Mutational "hot spots" within the genome may be either the result of a planned mutational mechanism or just the happenstance physical interactions of biochemistry. I proposed that the proper test for this would be whether or not mutations within the hot spot are more or less likely to be biologically meaningful than a statistically random mutation with uniform probability over the entire genome. Based on Dembski's work, if a hot spot repeatedly gives us biologically meaningful mutations more frequently than statistically random mutations over the whole genome, then this is evidence that the hot spot is part of a designed mechanism.
Ian just finished posting his last video in his Complete Creation series (actually, there are more to come, but this was the last one which was part of his conference presentation). The series is 18 videos long (approximately 9 hours), with more videos coming with additional explanatory information.
Anyway, the video series is fabulous. I recommend you watch the whole thing.
Also, I have added Ian to our list of speakers. If you need a speaker anywhere in the U.S. or Canada, Ian is probably heading your way sometime during the year. Email email@example.com to book a presentation with your Church or group. Also be sure to check out Ian's own website.
Todd Wood, author of Understanding the Pattern of Life, and one of the BSG's founders, as well as part of the team which sequenced the rice genome, just started a new blog on Creation. He has a great article summarizing Jean Lightner's paper on skin color and the generation of diversity.
Also coming is a new book on Genesis and Creation edited by Terry Mortenson. This books aims to be a seminary-level book for understanding the Creationist perspective on Genesis. From the table of contents, it looks like it covers:
I hope to read it soon!
Russ Humphreys just published a summary of the current debate regarding his Helium dating methods, complete with an index of criticisms and responses. Of considerable interested is figure 3, which graphs his predicted data based on a young earth, compared to the predicted data for an old earth, compared to experimental values.
Todd Wood just release a new monograph containing a whole bunch of data concerning created kinds, called Animal and Plant Baramins. For those of you new to Creationism, a baramin is the Creationist term for a "created kind". For those interested in exploring Creation systematics further, I will refer you to Wood and Wise's A Refined Baramin Concept.
Anyway, this book is significant because it is the first large-scale treatment of what organisms belong with which created kind (again, for those who are new, Creationists believe that Created Kinds are larger than just "species", and usually estimate the Created Kind to be roughly equivalent with the family level of taxonomy).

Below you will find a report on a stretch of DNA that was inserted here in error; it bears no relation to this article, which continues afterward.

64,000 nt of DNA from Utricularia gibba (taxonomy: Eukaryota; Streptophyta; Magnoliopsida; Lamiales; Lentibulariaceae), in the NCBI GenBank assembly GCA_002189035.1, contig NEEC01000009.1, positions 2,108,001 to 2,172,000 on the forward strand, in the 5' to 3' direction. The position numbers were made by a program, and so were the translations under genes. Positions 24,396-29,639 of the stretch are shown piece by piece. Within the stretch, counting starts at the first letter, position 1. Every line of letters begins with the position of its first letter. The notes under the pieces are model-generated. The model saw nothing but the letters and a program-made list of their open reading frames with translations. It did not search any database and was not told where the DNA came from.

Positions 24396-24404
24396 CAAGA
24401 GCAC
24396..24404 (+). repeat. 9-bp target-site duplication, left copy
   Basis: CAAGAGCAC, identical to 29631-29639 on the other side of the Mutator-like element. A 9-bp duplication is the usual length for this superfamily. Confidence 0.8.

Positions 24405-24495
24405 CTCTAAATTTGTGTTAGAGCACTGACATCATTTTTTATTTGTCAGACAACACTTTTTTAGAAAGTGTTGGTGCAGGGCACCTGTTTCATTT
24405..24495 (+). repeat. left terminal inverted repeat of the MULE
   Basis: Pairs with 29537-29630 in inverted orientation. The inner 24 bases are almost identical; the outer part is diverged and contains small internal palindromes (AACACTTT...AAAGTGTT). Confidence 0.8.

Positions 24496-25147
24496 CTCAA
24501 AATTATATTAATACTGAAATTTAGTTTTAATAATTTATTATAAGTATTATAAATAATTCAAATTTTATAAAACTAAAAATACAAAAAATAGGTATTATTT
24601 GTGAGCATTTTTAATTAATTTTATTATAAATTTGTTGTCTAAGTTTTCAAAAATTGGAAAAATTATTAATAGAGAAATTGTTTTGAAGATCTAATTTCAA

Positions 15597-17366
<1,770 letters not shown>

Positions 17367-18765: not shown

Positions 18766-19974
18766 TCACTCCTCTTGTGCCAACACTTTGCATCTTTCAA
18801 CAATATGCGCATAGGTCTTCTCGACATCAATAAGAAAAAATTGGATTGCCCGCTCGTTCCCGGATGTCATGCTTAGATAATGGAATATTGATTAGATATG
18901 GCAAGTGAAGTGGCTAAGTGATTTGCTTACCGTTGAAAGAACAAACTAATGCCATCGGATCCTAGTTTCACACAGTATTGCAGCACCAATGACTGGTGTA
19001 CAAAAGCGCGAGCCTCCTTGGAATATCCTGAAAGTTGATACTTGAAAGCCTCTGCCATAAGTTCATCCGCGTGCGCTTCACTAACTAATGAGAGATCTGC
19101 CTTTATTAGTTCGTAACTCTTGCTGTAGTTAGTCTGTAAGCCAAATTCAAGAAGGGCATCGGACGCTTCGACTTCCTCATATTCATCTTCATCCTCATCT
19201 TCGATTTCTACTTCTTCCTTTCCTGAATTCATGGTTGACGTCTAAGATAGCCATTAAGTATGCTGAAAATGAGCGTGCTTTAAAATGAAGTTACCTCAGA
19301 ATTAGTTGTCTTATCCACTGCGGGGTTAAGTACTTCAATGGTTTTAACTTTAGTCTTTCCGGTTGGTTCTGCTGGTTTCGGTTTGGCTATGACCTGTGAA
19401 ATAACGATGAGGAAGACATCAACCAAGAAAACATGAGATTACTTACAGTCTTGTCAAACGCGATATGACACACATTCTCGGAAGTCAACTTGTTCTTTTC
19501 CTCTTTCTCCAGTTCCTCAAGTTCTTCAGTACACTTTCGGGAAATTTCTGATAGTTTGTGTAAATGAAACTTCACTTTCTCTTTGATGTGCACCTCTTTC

Now, I have no first-hand information about the book - it just came out so I haven't read any of it yet, but I did talk with Todd about it at this year's BSG. Based on that conversation, I'm pretty sure that most baramins in the book are defined using statistical baraminic concepts. I'm not a big fan of statistical baraminology, and prefer hybridization experiments (obviously, however, that data is not available for fossil species). In any case, this is a great start to our systematics work.
Another thing that Todd told me is that ark-based animals have much less variability within baramins than non-ark-based animals. This is quite interesting, since the ark-based animals would have a genetic bottleneck that wouldn't apply to non-ark-based animals. I believe he also said that the distribution actually follows what would be expected from a Biblical timescale.
Anyway, I plan on purchasing this as soon as I have the funds, and for those into Creation systematics, I would suggest you do, too.
"New Discoveries" has a writeup of a new PNAS paper, Evidence for marine microfossils from amber. Remember, amber comes from tree sap, and marine microfossils come from the sea :) Although the paper was not speaking of the Biblical Flood, New Discoveries quoted the following from their pages to explain their findings:
It is likely that the flood waters first broke trees apart, transported the shattered timber, and then deposited the remaining pieces. These would have extruded large quantities of sap, which would have engulfed nearby creatures and then, at the bottom of the flood waters, hardened into amber. Marine algae trapped in amber ought to finally prove a flood-based interpretation.
I don't have access to the paper at the moment, but this seemed really interesting.
Teleomechanist has a great post up with a literature review about the optimality of the genetic code.
The genetic code seems to be designed with the following features:
Anyway, Teleomachinist lists a lot of other interesting aspects about the genetic code, but I thought these were the top ones. I especially like the fact that the genome seems to be optimized for having additional codes layered on. That is very interesting indeed.
The Creation Research Society is sponsoring a conference this summer at the University of South Carolina Lancaster. I think this is CRS's first conference. Anyone can attend, but you have to be a voting member of CRS to author a paper (or have a voting member as a co-author).
Anyway, I'm probably going to be at the BSG conference this year, though at the moment it does not appear that I will have anything myself to present. Come to think of it, that might actually make it more fun.